The second reason embryonic stem cells may be unsafe is due to their love of replication. To a point, having stem cells undergo mitosis and duplicate is beneficial for patients. More stem cells is better up to a point.
However, when embryonic stem cells replicate repeatedly and there is no “off switch”, then this is a potential problem as a tumor may occur. So the treatment may create an entirely new problem and make the patient worse!
So Who Uses Aborted Fetus Stem Cells?
The clinics around the world who do use aborted fetuses incorporate a different approach. In the Ukraine, there are two clinics who have been in existence for over twenty years. They don’t hide the fact of where they obtain their stem cells. They embrace it, and discuss how their stem cells are better than “Adult Stem Cells”.
In their explanation, EmCell describes that after six weeks, the stem cells from aborted fetuses lose their pluripotency capability and are no longer “embryonic”. They start to shift from embryonic to adult, but it’s not a complete shift.
This is where the term “plasticity” comes in. If a stem cell is pluripotent and can turn into any cell type, then it has complete plasticity. If a stem cell is multipotent, then it has partial plasticity.
When a stem cell is no longer embryonic and has started to lose its pluripotency, it loses some plasticity. This occurs in a fetus around the time of 6 weeks. At that time frame, the stem cells maintain very high plasticity, but do not act like embryonic stem cells. They do not have the potential to form tumors. And they also do not get rejected when used in non-related recipients.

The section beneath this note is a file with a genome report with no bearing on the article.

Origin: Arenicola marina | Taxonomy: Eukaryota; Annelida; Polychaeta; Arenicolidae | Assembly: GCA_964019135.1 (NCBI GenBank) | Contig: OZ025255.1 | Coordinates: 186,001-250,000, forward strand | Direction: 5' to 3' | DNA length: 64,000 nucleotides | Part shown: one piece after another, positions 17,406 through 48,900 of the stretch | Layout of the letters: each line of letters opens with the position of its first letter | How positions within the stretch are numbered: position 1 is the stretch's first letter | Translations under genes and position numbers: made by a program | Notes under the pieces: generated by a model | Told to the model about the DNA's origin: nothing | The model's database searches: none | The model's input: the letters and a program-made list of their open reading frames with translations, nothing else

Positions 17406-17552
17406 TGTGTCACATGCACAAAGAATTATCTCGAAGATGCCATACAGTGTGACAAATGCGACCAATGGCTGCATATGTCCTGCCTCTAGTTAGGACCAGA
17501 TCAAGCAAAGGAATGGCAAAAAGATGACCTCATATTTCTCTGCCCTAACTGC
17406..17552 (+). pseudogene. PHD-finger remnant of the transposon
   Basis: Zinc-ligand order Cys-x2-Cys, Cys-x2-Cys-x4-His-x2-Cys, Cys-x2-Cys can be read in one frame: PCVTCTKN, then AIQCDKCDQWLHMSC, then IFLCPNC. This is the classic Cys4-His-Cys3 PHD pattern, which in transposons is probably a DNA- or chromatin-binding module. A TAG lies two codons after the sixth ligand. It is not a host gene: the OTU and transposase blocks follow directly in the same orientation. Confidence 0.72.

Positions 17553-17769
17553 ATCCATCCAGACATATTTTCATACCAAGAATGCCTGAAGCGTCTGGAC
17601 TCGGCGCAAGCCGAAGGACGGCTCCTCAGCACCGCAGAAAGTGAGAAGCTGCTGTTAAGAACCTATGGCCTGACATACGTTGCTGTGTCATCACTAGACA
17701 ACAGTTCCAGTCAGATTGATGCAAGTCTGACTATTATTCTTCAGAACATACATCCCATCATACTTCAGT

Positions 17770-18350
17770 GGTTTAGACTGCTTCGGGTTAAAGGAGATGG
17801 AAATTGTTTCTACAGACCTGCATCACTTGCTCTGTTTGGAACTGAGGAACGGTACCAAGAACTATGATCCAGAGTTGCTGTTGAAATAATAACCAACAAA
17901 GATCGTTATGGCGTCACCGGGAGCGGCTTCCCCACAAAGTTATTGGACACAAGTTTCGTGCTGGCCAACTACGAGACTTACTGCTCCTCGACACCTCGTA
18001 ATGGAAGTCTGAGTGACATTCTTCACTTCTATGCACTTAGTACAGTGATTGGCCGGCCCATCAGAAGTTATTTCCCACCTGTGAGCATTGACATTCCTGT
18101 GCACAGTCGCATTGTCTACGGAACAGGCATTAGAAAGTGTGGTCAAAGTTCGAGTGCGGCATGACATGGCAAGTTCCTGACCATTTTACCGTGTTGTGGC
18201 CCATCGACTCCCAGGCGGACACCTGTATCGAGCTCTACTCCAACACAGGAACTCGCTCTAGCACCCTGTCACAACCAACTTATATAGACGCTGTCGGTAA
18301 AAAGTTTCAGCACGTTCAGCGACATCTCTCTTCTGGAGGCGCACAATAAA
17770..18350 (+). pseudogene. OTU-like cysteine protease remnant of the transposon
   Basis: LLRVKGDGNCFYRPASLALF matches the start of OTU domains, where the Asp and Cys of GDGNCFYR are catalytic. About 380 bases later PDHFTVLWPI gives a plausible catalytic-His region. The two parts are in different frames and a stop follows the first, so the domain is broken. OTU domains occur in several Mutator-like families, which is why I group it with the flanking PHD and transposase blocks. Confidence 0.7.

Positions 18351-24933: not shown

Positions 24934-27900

This is how the clinics in the Ukraine describe their treatments. They use aborted fetuses that are beyond the sixth week of gestation. The hope is to achieve treatment outcomes with stem cells that have high plasticity and can turn into most cell types in the body. But also ones that are safe for patients.
So at the end of the day, stem cells from aborted fetuses are still used in some regenerative clinics around the world. Are they safe to use? It appears so when they are used after the six week time frame.
Are they more effective than adult stem cells obtained from umbilical cord and amniotic fluid? Those are what is used at R3 Stem Cell Centers, and the results have been stellar for the past decade. No data to date has shown superiority of stem cell therapy using aborted fetuses compared with those from umbilical and amniotic tissue.
Currently, the post natal tissue used by R3 Stem Cell is ethically obtained from consenting donors after a scheduled c-section. The tissue’s stem cells maintain moderate plasticity, which has clinically been able to achieve a great combination of ethically sound, very safe and clinically effective!
R3 Stem Cell maintains clinics in five countries and has assisted over 16,000 patients in the past decade. To find out whether you or a loved one is a candidate for therapy, call today at +1 (844) GET-STEM!